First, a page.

Also known as the red dragon flower due to the deep red blooms it can produce, huernia schneideriana sports elongated toothed stems in lieu of leaves. It can grow very quickly, with the stems eventually spilling over the edge of the planter and creating a neat hanging display.
15. Snake Plant (Dracaena Trifasciata)
Formerly (and better, to be honest) known as sansevieria trifasciata, the ubiquitous snake plant has now been reclassified into the genus dracaena. This is another one of those succulents that’s been around for ages.
Although snake plants are often touted as perfect low-light plants, they actually appreciate full sun conditions. If you can provide this, then brace yourself, because this species is actually incredibly vigorous. It will put out new leaves all summer long, and may not even bother to really stop during winter.
16. Chinese Dunce Cap (Orostachys Iwarenge)
I’m always surprised the Chinese dunce cap isn’t more popular in the succulent hobby. Aside from its somewhat difficult-to-pronounce scientific name (try saying orostachys iwarenge three times fast), it’s actually an ideal species for both beginning and more experienced succulent collectors. Easy to grow, vigorous, robust… what more can we ask for?
This species is hardy, able to withstand quite a bit of frost, and its rosette-shaped offsets on thin, stringy stems are produced at a pretty impressive rate. During bloom time, the rosettes grow upwards into tall cones with hundreds of tiny, pastel pink flowers.
17. Blue Chalksticks (Curio Serpens)
You may be familiar with the genus curio because of curio rowleyanus, better known as the string of pearls succulent. This popular hanging species is quite the looker, but it can be a bit of a difficult plant and isn’t always the quickest grower unless given the perfect living conditions. Still, don’t write off the whole genus, because it has plenty of vigorous species to offer.
One of the decorative and fast-growing succulents in the genus curio is the blue chalksticks plant, curio serpens. This pointy-leaved creeper naturally occurs in South Africa, where it can quickly spread across rocky habitats. Be sure not to touch the leaves to avoid disturbing the powdery layer (called farina) that gives it that typical matte, blue-green color.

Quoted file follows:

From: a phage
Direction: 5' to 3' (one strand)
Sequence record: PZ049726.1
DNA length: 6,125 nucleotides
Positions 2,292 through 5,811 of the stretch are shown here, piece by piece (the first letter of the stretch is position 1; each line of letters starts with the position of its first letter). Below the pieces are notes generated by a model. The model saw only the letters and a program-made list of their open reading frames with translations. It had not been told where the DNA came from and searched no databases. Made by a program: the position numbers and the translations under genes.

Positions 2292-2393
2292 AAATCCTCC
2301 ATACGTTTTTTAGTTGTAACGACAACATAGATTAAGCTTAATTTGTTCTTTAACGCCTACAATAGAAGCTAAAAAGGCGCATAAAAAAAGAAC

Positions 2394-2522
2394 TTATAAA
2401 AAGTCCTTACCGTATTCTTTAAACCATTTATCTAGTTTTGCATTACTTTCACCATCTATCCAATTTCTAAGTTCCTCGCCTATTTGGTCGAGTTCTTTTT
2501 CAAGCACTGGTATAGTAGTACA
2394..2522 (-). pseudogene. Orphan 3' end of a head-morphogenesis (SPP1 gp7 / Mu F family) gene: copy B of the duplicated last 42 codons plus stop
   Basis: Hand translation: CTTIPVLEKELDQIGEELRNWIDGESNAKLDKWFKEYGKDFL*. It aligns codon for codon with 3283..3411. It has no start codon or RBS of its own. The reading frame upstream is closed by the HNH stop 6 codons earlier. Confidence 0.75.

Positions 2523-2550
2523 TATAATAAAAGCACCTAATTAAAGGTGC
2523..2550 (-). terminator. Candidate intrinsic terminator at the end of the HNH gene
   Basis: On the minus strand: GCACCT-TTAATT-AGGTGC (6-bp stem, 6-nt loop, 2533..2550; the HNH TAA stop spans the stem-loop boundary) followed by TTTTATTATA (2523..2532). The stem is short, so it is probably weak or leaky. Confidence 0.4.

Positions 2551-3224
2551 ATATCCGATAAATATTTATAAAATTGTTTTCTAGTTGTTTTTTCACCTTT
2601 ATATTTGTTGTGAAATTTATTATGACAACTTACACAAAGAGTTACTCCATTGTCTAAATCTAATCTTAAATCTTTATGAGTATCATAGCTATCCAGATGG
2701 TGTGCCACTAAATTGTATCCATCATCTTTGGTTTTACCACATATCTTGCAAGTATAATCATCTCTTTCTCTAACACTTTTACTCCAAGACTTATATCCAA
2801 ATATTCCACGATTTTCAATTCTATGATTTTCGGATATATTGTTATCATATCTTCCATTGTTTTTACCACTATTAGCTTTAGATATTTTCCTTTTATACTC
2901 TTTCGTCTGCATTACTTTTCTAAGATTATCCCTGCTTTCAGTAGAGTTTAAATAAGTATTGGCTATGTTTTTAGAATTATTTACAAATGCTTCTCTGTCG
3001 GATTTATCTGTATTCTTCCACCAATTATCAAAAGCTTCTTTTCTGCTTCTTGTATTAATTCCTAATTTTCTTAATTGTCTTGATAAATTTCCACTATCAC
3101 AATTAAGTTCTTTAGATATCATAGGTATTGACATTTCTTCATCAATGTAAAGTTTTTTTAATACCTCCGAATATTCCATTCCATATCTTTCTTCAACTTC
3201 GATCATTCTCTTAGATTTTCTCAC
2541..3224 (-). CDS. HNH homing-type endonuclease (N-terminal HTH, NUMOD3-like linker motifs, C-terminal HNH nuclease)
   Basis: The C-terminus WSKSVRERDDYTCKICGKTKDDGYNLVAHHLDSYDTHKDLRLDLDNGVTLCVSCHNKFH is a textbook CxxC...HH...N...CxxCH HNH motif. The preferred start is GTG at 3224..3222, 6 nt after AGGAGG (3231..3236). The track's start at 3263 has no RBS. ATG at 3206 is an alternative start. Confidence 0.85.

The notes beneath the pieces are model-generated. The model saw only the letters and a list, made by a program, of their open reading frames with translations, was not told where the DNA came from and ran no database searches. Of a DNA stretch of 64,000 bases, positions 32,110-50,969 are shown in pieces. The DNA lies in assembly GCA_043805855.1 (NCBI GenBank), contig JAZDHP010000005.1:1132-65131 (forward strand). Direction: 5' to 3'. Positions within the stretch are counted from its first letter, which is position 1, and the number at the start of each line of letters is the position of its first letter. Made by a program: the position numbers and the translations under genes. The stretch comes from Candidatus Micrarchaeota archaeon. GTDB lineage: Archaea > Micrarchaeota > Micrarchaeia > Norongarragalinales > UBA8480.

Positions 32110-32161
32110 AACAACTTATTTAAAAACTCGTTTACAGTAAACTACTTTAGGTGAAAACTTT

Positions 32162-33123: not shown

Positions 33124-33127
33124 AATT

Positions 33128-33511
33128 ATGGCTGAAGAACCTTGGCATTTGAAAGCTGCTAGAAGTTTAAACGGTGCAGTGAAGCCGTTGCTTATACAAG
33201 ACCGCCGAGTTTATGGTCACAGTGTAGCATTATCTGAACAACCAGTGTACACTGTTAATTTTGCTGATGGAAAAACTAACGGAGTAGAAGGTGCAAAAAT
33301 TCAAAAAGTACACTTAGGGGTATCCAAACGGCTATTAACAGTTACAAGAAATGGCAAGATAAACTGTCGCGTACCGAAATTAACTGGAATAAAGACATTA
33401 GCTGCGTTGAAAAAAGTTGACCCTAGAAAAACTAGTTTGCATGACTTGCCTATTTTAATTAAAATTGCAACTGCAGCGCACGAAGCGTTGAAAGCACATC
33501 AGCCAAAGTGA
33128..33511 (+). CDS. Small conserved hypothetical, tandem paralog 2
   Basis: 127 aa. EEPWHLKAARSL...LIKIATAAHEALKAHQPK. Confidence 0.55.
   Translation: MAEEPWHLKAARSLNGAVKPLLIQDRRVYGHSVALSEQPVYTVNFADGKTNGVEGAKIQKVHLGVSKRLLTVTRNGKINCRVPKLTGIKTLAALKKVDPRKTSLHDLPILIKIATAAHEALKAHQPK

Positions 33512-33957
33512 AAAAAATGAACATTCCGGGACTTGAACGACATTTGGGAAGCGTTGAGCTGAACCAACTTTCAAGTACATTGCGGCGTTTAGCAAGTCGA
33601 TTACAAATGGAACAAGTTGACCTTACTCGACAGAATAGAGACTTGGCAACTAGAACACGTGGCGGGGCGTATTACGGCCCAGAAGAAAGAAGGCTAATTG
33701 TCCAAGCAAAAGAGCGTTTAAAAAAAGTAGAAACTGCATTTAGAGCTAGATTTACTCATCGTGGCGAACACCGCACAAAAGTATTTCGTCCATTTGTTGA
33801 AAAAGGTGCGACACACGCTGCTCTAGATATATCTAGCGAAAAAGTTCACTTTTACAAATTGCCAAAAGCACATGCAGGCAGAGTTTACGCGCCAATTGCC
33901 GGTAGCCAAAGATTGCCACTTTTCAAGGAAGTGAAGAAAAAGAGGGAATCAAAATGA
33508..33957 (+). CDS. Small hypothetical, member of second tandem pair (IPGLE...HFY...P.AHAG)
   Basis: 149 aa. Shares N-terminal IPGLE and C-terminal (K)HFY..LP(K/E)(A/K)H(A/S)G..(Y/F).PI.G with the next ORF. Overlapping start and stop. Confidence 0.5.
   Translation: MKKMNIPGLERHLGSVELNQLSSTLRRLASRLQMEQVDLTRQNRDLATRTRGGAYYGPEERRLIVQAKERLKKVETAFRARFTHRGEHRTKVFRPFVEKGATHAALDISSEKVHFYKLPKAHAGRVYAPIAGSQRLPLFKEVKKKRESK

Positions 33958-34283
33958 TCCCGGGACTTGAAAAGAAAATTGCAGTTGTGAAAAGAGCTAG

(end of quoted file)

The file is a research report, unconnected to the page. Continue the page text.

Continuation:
18. Dragon Fruit Cactus (Selenicereus Undatus)
How cool would it be to be able to one day harvest edible fruit from your succulent? We’ve all heard of prickly pear fruits, which grow on opuntia cacti, but did you know that dragonfruit also grows on a cactus? It’s called selenicereus undatus, and it’s actually a nice and quick grower that can bloom spectacularly.
The dragonfruit cactus is naturally a creeper or climber, but in your home, you can place it in a hanging planter for dramatic effect. The stems can become very long and thick! Another option is to trail it into a tree-like shape, as is often done in cultivation.
19. Eve’s Needle Cactus (Austrocylindropuntia Subulata)
If you live in the southwestern US, you may just have started hyperventilating upon reading “cylindropuntia” in this cactus’ common name. Fear not! We’re not talking about cholla cacti here, although the Eve’s needle cactus is admittedly closely related. It has the same rapid growth rate, but luckily, not quite as many spines.
This one’s hardy, easy to grow and really not fussy about anything except for receiving as much full sun as possible. As a cherry on top, it even produces the most gorgeous little orange-red flowers under the right circumstances.
20. Elephant Bush (Portulacaria Afra)
Another decorative and fast-growing South African native – many of our favorite succulents are from here – is portulacaria afra, better known as the elephant bush. It may have been named for the fact that in its natural habitat, elephants and other large herbivores like rhinoceros will consume it as part of their diet.
This species can grow into large bushes, and it does so quite quickly if its needs are met. Its fleshy leaves on reddish woody stems make for an eye-catching look, especially if you go for one of the variegated cultivars. There’s even a naturally occurring creeping version, which is called portulacaria afra ‘prostrata’.
How to Make Your Succulents Grow Faster
Now that you’re aware of which succulents have the potential to be super-fast growers, it’s important to understand that in order for them to attain huge sizes, their requirements need to be met. For starters, it’s a good idea to look up care guides for each new succulent you buy. Not all of them need the same light levels, soil consistency and watering schedule, after all.
The most important factors for quick succulent growth are, unsurprisingly, light and water. Many of these plants have evolved to require full sun, which means that our indoor windowsills aren’t always adequate for them without the assistance of a grow light. Although they can store water, that doesn’t mean you can let them go dry for months at a time. During the summer growing months especially, many can actually become thirsty pretty quickly!
Aside from providing lots of light and watering plenty, there are various other things you can do to help your succulents along. For example, using a fertilizer can provide an extra boost during a succulent’s growing season.
You can find all my tips for encouraging succulent growth in the post on how to grow succulents faster and bigger.